September 5, 2005

Good Blog Coverage of NO:

Our Way of Life has lots of no BS entries on the social side of life when the police force disintegrates.

A professor at the U. of New Orleans, now sheltering with his sister on the Eastern Seaboard, writes:

"If you have any influence, try to cover the refusal of the Red Cross to assist Jefferson Parish (a white area of almost a half million pre storm) and the almost complete lack of media coverage of St. Bernard (68,000 people) and Plaquamines Parish, two areas that don't seem to have weathered the storm nearly as well as New Orleans (yes, there are worse hit areas in the metropolitan area)."

Military Thoughts has a long entry on what can be learned from NO about how to evacuate a city after a nuclear or dirty bomb attatck:

It can also be expected that certain segments of the populace to be evacuated will pose an additional nightmare for those conducting the evacuation.

Persons best described as having "problems", "issues", or "difficulties".

Street gangs that exist in ALL major American cities will undoubtedly taken advantage of the situation. A total break down of law and order due to the absence of police [in the event of an atomic blast, many "first responders", such as the police, may be killed or wounded. There will be just NOT enough law and order people to go around]. Street gangs do have the numbers, the organization, the weaponry, the physical and mental wherewithal to "take over" large portions of American cities and become the controlling force. All entering their "turf' will have to bend to their will.

In some American big cities, there exist areas where the community is very resistant to governmental authority of any type. Mandatory orders to evacuate WILL only heighten tensions and anger directed at "authority". Especially in the aftermath of an atomic detonation. Emotions will overpower reason. Governmental "officials" in this case will have to act as if they were "walking on eggs" when dealing with such unruly "communities". These WILL NOT be docile folks that obey and do as they are told.

Provisions will have to be made to "deal" with drug addicts of all sorts. Persons NO LONGER to get their "fix". Desperate people, whether they be "crackheads" [cocaine] or "fiends" [heroin] of a sort that will pose significant difficulties for "authority".

Indeed, the whole gamut of "street people" or "homeless" will pose grave problems for "authority". 75 % of such folks are either mentally deranged, alcoholics, or drug addicts. Corralling, immobilizing, sedating, and "securing" such folks will not be easy. Moving them by evacuation is one thing, handling them afterwards is a different matter. A subject for another blog. These folks again, are dangerous to "first responders" in normal circumstances, much less in the aftermath of a catastrophe.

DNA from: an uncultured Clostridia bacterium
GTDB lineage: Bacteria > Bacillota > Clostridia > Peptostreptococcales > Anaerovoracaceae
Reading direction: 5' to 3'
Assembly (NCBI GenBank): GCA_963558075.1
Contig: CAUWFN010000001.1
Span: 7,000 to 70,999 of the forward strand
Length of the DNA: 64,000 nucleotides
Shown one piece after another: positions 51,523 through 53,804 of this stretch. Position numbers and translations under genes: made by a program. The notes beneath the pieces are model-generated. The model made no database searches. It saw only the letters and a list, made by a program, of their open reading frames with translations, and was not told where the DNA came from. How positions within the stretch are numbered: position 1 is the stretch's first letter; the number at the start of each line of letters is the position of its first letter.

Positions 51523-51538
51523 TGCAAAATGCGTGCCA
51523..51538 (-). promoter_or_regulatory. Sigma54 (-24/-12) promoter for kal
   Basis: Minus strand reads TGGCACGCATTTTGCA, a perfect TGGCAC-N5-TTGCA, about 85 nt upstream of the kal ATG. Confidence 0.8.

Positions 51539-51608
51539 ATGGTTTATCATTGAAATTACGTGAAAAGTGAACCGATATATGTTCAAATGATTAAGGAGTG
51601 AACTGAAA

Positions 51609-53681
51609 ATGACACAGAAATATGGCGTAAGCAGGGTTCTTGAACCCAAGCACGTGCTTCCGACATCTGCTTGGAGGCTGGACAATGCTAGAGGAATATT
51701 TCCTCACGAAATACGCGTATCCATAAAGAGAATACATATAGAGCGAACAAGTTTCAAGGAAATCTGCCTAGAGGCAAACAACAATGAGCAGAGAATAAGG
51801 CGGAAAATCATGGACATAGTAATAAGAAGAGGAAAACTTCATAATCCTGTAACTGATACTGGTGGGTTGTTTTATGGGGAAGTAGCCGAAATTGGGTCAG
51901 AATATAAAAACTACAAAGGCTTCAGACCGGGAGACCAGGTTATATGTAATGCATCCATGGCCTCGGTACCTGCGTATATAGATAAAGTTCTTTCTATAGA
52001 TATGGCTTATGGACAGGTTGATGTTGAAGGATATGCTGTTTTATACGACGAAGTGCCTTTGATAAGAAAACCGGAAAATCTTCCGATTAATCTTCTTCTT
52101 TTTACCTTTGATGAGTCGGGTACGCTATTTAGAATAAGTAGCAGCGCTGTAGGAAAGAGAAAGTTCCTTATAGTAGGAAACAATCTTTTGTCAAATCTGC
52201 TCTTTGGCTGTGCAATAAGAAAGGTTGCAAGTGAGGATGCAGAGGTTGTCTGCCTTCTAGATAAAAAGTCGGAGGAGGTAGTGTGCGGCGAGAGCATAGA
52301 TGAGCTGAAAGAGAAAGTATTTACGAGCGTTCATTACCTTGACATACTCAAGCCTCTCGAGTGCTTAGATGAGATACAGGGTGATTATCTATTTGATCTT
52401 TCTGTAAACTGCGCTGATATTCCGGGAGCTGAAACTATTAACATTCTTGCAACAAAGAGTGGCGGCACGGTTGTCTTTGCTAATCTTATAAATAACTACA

[This being America, also include a category of armed folks. Desperate and wanting THEIR needs attended to right NOW, no matter what!! Normally law-abiding people becoming armed and dangerous given the serious situation. "Treat my family member now, doc, or you are going to get it!!" This does happen. I heard an interview on National Public Radio [NPR} a number of years ago now where a doctor described this exact event. In such a circumstance, the doctor DOES have to comply while someone is holding a gun to his head!!]

Other classes of people will also pose a problem for those implementing evacuation. NOT "difficult" or unruly or criminal minded people, but folks with problems that are no fault of their own. Among these people will be found:

Grossly obese persons.

[Years ago now, there was a famous incident where two para-medics attempted to manhandle a four hundred pound woman down eighteen flights of stairs to a waiting ambulance. In two hours, the paramedics were able to move this woman down ONE flight of stairs, all the while being harassed by an unruly and most vociferous group of family members!! The woman died!!]

Institutionalized persons, such as found in nursing homes, or in mental institutions

Handicapped persons, such as the wheelchair bound, paraplegics, quadriplegic, and the retarded.

Sick and infirm persons as found in intensive care units [ICU's] of hospitals.

There also seems to be a difficulty that arises when people WANT to go back INTO the disaster area. This may sound strange, but this seems to be a tendency folks have when the status of their family or possessions or dwelling is in question. People WANT to know WHAT has happened. There seems to be a strong desire for information. Danger does not deter. NOR do admonitions from authorities. People going INTO a disaster area create a further problem for the authorities.

Persons being evacuated FROM a disaster must also be decontaminated.

My published articles are archived at -- Steve Sailer

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